Two paws way up for Sidney Gish’s new indie record “No Dogs Allowed”

Illustration by Miceal Munroe-Allsup

By Brendan Nagle

Like a guitar-wielding lovechild of The Blow and Regina Spektor, 20-year-old Sidney Gish crafts catchy lo-fi songs with wry, self-deprecating lyrics. Sound familiar? If you are at all in tune with the current indie du jour, then it probably does. But in a marketplace flooded with Frankie Cosmos look-alikes, Gish’s particular brand of bedroom pop stands out.

A Music Business major at Northeastern University, Gish has been writing songs since she was in middle school, but only began sharing them recently. Though a relative newcomer, her self-released albums have quickly generated serious buzz in and beyond her local Boston scene. She brings a youthful humor to her songwriting that is likely to charm most listeners.

Retaining the witty, endearingly self-conscious lyricism that made 2016’s “Ed Buys Houses” a favorite amongst Bandcamp connoisseurs, she takes a big step forward sonically with her newest album, “No Dogs Allowed.” The fairly straightforward pop songs of her previous album (which you might justly, if reductively, label as Frankie Cosmos look-alikes) give way to a more complex sound here, complete with rich harmonies, key changes and MIDI synths galore. Gish’s music feels much less indebted to the grimy indie rock championed by so many of her peers; rather, her sound is more in line with idiosyncratic singer-songwriters like Fiona Apple and Ingrid Michaelson, but with a distinctly 2010s internet-kid flavor.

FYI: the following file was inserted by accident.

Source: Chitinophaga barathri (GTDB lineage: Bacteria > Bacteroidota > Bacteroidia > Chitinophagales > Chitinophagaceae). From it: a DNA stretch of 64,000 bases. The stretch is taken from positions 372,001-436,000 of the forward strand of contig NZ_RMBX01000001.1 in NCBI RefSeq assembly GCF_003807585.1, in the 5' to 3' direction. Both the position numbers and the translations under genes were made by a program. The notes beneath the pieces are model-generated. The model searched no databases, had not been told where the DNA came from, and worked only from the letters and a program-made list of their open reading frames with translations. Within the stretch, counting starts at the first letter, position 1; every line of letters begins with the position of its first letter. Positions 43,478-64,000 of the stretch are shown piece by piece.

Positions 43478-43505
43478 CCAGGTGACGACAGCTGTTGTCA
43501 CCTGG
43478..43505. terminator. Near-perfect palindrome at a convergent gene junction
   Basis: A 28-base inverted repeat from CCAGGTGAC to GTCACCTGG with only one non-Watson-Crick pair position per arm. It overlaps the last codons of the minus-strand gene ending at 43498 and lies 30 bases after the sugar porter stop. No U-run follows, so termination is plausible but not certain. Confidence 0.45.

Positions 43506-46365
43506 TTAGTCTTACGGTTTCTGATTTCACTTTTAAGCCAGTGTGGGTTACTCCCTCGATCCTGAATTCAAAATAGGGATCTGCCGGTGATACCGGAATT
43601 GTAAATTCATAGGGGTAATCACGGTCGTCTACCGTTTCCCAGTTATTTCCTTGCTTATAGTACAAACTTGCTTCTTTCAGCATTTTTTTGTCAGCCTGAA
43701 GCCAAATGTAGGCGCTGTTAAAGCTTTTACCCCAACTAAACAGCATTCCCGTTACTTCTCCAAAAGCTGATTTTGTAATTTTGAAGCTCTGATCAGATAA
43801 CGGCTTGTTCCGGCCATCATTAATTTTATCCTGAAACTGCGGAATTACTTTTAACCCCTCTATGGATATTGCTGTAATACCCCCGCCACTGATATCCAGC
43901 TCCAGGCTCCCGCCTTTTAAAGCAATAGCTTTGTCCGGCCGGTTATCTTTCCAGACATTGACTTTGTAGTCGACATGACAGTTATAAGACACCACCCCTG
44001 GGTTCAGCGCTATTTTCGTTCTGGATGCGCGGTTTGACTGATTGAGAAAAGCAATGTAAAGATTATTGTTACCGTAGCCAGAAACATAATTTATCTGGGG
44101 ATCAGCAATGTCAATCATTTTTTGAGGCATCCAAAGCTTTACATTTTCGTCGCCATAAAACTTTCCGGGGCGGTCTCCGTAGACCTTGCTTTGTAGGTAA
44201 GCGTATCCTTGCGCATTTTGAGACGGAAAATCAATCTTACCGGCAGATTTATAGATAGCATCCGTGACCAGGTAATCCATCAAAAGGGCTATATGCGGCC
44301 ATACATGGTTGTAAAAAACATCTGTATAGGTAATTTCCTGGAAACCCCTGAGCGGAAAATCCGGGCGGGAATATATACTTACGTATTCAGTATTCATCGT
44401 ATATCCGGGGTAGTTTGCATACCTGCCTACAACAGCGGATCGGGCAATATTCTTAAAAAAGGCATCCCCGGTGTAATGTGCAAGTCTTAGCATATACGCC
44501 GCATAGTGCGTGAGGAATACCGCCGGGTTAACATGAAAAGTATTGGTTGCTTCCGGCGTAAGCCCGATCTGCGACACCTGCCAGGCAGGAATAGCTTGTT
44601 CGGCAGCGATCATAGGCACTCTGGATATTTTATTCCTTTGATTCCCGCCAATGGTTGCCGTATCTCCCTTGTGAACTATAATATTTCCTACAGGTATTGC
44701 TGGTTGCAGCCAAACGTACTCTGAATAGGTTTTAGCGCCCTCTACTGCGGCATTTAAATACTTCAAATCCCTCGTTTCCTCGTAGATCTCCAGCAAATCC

“No Dogs Allowed” exhibits a unique melodic sensibility that makes Gish easy to separate from today’s crowded field of indie pop. On “Sin Triangle,” her lilting voice intertwines itself with sauntering guitar riffs, backed by chords that are jazzier than one might have expected to find. But despite their elevated complexity, Gish’s songs undoubtedly still have an earworm quality.

“And on an accident, I’m like Japan / Before they went and traded stuff to other lands,” she sings, comparing, in comical fashion, her own isolationist tendencies to Japan’s famed Edo period.

Diffident engagement with academic subjects comes up again later in “Persephone.” “I’ve called Persephone / By the name purse-a-phone / Greek goddesses aren’t what / You grab when leaving home,” Gish sings, her beautiful falsetto belying the joke she’s cracking at her own expense. Gish’s twee sense of humor may come off as obnoxious in print, but she pulls it off remarkably well on the record. She is able to project playful self-awareness without it seeming like she is trying too hard. References to “The Matrix” and magician analogies alike feel natural coming out of her mouth.

Backed by a bouncing bassline and in-your-face electronic drums, Gish ruminates on her imminent adulthood on “I Eat Salads Now.” “It pains me to say but / Maybe I’ve grown out of this / I’m a businessman / I don’t waste time on shit.” She is disturbed by the passion and excitement that she feels is slipping away along with her childhood.

“Mouth Log” speaks to the same sort of young adult frustration: “Probably when I’m 22 / Then I’ll be doing something new… I hate class / And I hate work / And doing nothing’s even worse.” Here she sounds at her most sincere, and though they are simple, the lyrics have a relatable poignancy. Levity eventually returns, however; she concludes the song by circling back to the opening line, where she confesses to keeping a phone list of the food she eats and the people she kisses, with lighthearted disregard. “I’m kinda pissed if this is the real me / At least I know who I kissed and what I eat.”

I cannot help but feel charmed by Gish’s blithe pop songs and hyper-conscious approach to lyricism. As a 20-year-old myself, I find her demeanor acutely authentic — and painfully familiar. “No Dogs Allowed” is a uniquely impressive work of introspection bursting with personality and charisma, and with it Gish has established herself as a promising young songwriter.

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